This is also a history that parallels that of the organization of Conner Prairie, not just that of the time periods that Conner Prairie interprets. By the 1960s, the concept of the living history museum was starting to be understood, and at the same time autism was a diagnosis that, while still attributed to refrigerator mothers, was no longer a complete mystery. And as Conner Prairie came into the 21st century, finding its role as a premier space for history education using living history as a tool, the museum also found itself in a space where it could do good that no other museum in Indianapolis had been doing at the time: offering programming for autistic people.

William Conner House and 1859 Balloon Voyage
William Conner House and 1859 Balloon Voyage

The “autistic revolution” started around 2011. It was here that networks of self-advocates, connected by robust and accessible social media networks, began to really have an impact on how we consider autism. They pushed for our identification not just as a group of people who have the same disability, but as a sort of cultural and social bloc with similar lived experiences. Inadequacies in how autism was considered at large — as a purely medical condition, as something that ruined families as certain large organizations claimed, as something to be pushed back and hidden to appear “normal” using tools such as Applied Behavioral Analysis, or ABA therapy — were questioned, and our voices began to call for inclusion, as well as understanding of how these conceptions harmed those who didn’t fit in the mold society placed for autism.

Conner Prairie was the first museum in Indianapolis to answer the call. In 2013, the longest-running sensory-friendly programming in Indiana was started at the museum.  Staff received training from local organizations and supporting toolkits were placed in quieter spaces, all marked on a map sharing some of the sensory experience at the museum. Most importantly, the actual interpretive experience — save for adjustments to the sensory profile — remain the same, providing a top-of-the-line entry point into the museum for those who might not otherwise feel like it is an experience they can comfortably engage with.  While this programming has spread across the area, Conner Prairie continues to be a leader in providing excellent and forward-thinking programming for autistic people.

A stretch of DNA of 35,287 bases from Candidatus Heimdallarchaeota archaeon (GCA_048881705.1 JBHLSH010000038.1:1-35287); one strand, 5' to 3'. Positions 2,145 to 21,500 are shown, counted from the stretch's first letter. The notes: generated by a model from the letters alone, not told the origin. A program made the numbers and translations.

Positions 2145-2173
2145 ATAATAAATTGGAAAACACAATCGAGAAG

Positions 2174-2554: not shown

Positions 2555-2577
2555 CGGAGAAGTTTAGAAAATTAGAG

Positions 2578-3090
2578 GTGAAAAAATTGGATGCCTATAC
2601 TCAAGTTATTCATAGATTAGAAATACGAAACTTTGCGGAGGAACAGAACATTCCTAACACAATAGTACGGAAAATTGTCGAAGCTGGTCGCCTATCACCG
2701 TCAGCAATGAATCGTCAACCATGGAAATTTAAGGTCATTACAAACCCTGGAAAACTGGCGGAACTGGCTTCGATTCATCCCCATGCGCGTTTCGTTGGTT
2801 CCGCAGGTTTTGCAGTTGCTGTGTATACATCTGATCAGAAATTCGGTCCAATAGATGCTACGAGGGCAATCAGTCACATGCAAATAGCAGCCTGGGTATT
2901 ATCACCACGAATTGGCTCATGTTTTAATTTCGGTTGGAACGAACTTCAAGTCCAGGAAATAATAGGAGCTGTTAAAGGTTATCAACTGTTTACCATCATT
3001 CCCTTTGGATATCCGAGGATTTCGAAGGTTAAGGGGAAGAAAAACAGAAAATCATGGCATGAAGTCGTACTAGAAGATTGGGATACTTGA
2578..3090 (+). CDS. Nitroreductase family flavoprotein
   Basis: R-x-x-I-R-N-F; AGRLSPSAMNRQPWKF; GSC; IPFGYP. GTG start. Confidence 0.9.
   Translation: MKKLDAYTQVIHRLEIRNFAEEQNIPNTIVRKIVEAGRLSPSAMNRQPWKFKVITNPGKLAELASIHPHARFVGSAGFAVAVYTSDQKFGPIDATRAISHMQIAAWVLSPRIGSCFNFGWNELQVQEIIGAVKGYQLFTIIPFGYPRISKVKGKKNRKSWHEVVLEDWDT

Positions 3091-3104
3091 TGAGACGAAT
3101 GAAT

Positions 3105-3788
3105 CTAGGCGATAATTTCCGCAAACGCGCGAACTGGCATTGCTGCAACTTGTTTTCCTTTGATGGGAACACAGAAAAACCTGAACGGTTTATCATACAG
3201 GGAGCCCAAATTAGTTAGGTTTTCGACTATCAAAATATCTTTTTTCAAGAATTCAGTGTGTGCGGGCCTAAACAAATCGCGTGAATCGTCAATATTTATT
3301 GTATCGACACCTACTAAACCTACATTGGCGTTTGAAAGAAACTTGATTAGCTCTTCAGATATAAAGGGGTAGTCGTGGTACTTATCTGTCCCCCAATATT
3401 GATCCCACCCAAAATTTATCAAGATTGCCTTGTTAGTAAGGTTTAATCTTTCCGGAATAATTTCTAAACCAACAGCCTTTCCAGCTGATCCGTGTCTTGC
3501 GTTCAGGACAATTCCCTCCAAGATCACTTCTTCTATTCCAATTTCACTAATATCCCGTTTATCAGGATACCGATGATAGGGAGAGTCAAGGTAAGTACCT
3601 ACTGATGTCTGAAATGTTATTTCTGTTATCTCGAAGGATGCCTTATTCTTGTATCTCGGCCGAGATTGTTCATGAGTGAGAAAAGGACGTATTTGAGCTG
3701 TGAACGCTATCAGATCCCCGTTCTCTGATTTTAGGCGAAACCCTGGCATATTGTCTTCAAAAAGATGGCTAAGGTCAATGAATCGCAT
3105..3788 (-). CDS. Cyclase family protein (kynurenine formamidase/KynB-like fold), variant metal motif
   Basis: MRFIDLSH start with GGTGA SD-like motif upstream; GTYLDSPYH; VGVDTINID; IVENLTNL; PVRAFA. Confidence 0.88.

Sensory Friendly Hours

Find out how Conner Prairie is offering sensory friendly programs to become a welcoming experience.

It is also, personally, one of the museums I have most enjoyed.  My grandparents lived in Indianapolis.  I grew up visiting Conner Prairie most summers, especially attracted to the Animal Encounters area, which I now know to be one of the best sensory spaces at almost any museum, in my personal opinion. I have been in touch with the folks at Conner Prairie since moving to Indianapolis in 2019, starting my own journey in first my Master’s in Museum Studies at IUPUI, and now my PhD in Special Education at Indiana University. This is a journey that I would not have been able to make in part thanks to the support of Conner Prairie’s staff, as well as the museum’s role in helping provide my love of museums.

Conner Prairie has proven to me that they care about one of the central themes of Autism Acceptance Month: prioritizing the autistic voice. They are not putting up a puzzle piece, a symbol many autistic people view as one that harms us, or changing a background photo to match that of an organization that speaks for us yet calls us burdens who should be cured. They are not performing lip service where they say we are welcome, or only make efforts to make us welcome once a year. They run monthly programming that provides an entry point, train staff and provide supplies to make every day one where you can find support in your visit. Most importantly, they reached out to me both to write this blog post, as well as to help them find and moderate the panel for this month’s Storytelling Series, which has three autistic people who all will be sharing their own stories with the world.

Tune into our storytelling series to learn about this months storytellers.

My name is Ross Edelstein. I am a PhD student, soon-to-be published author, museum professional, cultural researcher, and autistic man.

Happy Autism Acceptance Month.

               

About the Author

Ross Edelstein is a special education PhD student, expert on anti-ableism and access in cultural institutions, and researcher with a focus on helping make cultural organizations like museums welcoming for autistic people.  He is also a avid home cook, player of video games, lover of music, and an autistic man.